We've heard a lot about how Netflix wants to improve download speeds for viewers by partnering with Comcast and other Internet providers. The central issue is about how to carry large video streams efficiently from one part of the Internet to another. But someday, the technology behind that infrastructure could make those pipes much, much bigger, helping to alleviate those concerns.

Researchers from the California Institute of Technology say they've come up with a new kind of laser that's capable of quadrupling the bandwidth on today's fastest fiber optic networks. These networks make up what's known as the Internet "backbone," the behind-the-scenes network that delivers content to ISPs like Verizon — who in turn make that content available to you.

What do lasers have to do with the Internet? In today's most advanced networks, which rely on fiber optic technology, data is transmitted as light rather than electrical signals. On traditional copper-wire networks, those signals don't travel as fast and tend to degrade more easily over long distances. So light offers an inherent advantage.

Today's best backbone technology is capable of staggering bandwidth — in some cases up to 400 Gbps. For perspective, that's more than 40,000 times the speed of the average American's home connection. (Take that comparison with a grain of salt: Most Americans will never need the capacity of a backbone connection. Even the fastest consumer plans top out at 1 Gbps these days.)

But the new laser technology, developed in part by National Medal of Science-winner Amnon Yariv, promises to quadruple bandwidth in the existing Internet backbone, if not more.

"Our first run lasers, fabricated at Caltech, are capable of of a 4x increase in the number of bytes-per-second carried by each channel," Yariv, whose research was published recently in the Proceedings of the National Academy of Sciences, said in an e-mail. "This number will increase with our continuing work, but even at this level, the economic advantages are very big."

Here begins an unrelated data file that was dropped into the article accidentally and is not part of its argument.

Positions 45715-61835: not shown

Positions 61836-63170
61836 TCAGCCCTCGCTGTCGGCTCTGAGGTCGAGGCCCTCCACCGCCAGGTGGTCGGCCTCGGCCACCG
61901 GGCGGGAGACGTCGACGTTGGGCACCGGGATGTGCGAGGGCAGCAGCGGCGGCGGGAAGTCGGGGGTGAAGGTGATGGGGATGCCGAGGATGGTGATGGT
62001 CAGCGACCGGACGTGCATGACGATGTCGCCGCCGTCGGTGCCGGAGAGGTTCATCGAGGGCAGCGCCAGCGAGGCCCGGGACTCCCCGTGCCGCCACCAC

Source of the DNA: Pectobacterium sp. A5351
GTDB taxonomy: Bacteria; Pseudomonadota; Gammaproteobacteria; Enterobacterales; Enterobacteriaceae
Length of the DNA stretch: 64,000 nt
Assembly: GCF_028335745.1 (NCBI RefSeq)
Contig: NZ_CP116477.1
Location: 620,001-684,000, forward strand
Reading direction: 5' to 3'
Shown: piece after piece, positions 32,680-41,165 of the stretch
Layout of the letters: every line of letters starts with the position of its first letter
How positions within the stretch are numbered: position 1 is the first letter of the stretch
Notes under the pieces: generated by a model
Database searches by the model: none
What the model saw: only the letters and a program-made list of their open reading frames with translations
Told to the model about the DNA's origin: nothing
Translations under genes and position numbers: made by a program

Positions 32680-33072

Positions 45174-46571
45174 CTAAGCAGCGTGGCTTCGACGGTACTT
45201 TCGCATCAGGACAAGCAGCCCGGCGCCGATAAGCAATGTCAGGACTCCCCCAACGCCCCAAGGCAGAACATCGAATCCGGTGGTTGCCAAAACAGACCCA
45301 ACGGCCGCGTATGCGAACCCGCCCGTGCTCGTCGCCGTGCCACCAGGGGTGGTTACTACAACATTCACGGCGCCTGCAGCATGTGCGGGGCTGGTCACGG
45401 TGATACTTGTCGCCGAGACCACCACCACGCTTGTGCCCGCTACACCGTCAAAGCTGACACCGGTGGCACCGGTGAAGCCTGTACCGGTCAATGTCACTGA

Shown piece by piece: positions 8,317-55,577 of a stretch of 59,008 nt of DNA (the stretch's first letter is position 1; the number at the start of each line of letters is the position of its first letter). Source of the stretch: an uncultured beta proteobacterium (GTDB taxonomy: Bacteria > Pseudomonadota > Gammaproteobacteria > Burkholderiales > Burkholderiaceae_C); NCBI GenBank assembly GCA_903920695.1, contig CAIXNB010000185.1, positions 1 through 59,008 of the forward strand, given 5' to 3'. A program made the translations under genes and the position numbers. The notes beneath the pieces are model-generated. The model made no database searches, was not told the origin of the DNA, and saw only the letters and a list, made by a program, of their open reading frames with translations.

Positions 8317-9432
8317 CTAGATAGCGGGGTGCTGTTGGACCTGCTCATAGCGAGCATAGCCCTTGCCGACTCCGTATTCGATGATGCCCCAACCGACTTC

The more efficient laser is a marked improvement over existing ones in that it operates closer to a single frequency than any other yet created. The purity of the beam allows it to carry more data.

Yariv compares the laser to a highway. The highway has a set number of lanes, and carries a certain number of trucks every day. With the Caltech upgrade, the trucks will now be able to carry four times the tonnage on the same highway.

"A single channel carrying today, say, 40 Gbps, will go to 160 Gbps," said Yariv. Applied to top-of-the-line networks, that might mean eventual backbone speeds of 1,600 Gbps or more. (Just for fun, that's 164,000 times faster than the 10 Mbps connection serving the average American home today.)

The discovery isn't likely to benefit individual Internet users like you and me in a huge way — at least, not directly. Internet subscribers are limited largely by the plan they've purchased from their ISPs. If you're paying for a 15 Mbps connection, for instance, you aren't suddenly going to be upgraded to a 60 Mbps plan.

Still, dramatically expanding the rate at which data can be routed through the Internet to your ISP could have downstream implications for companies like Netflix. It'll also make a big difference as our homes become smarter, more connected and more automated, and as phone companies transition away from copper networks to carrying calls over fiber optic networks, as well.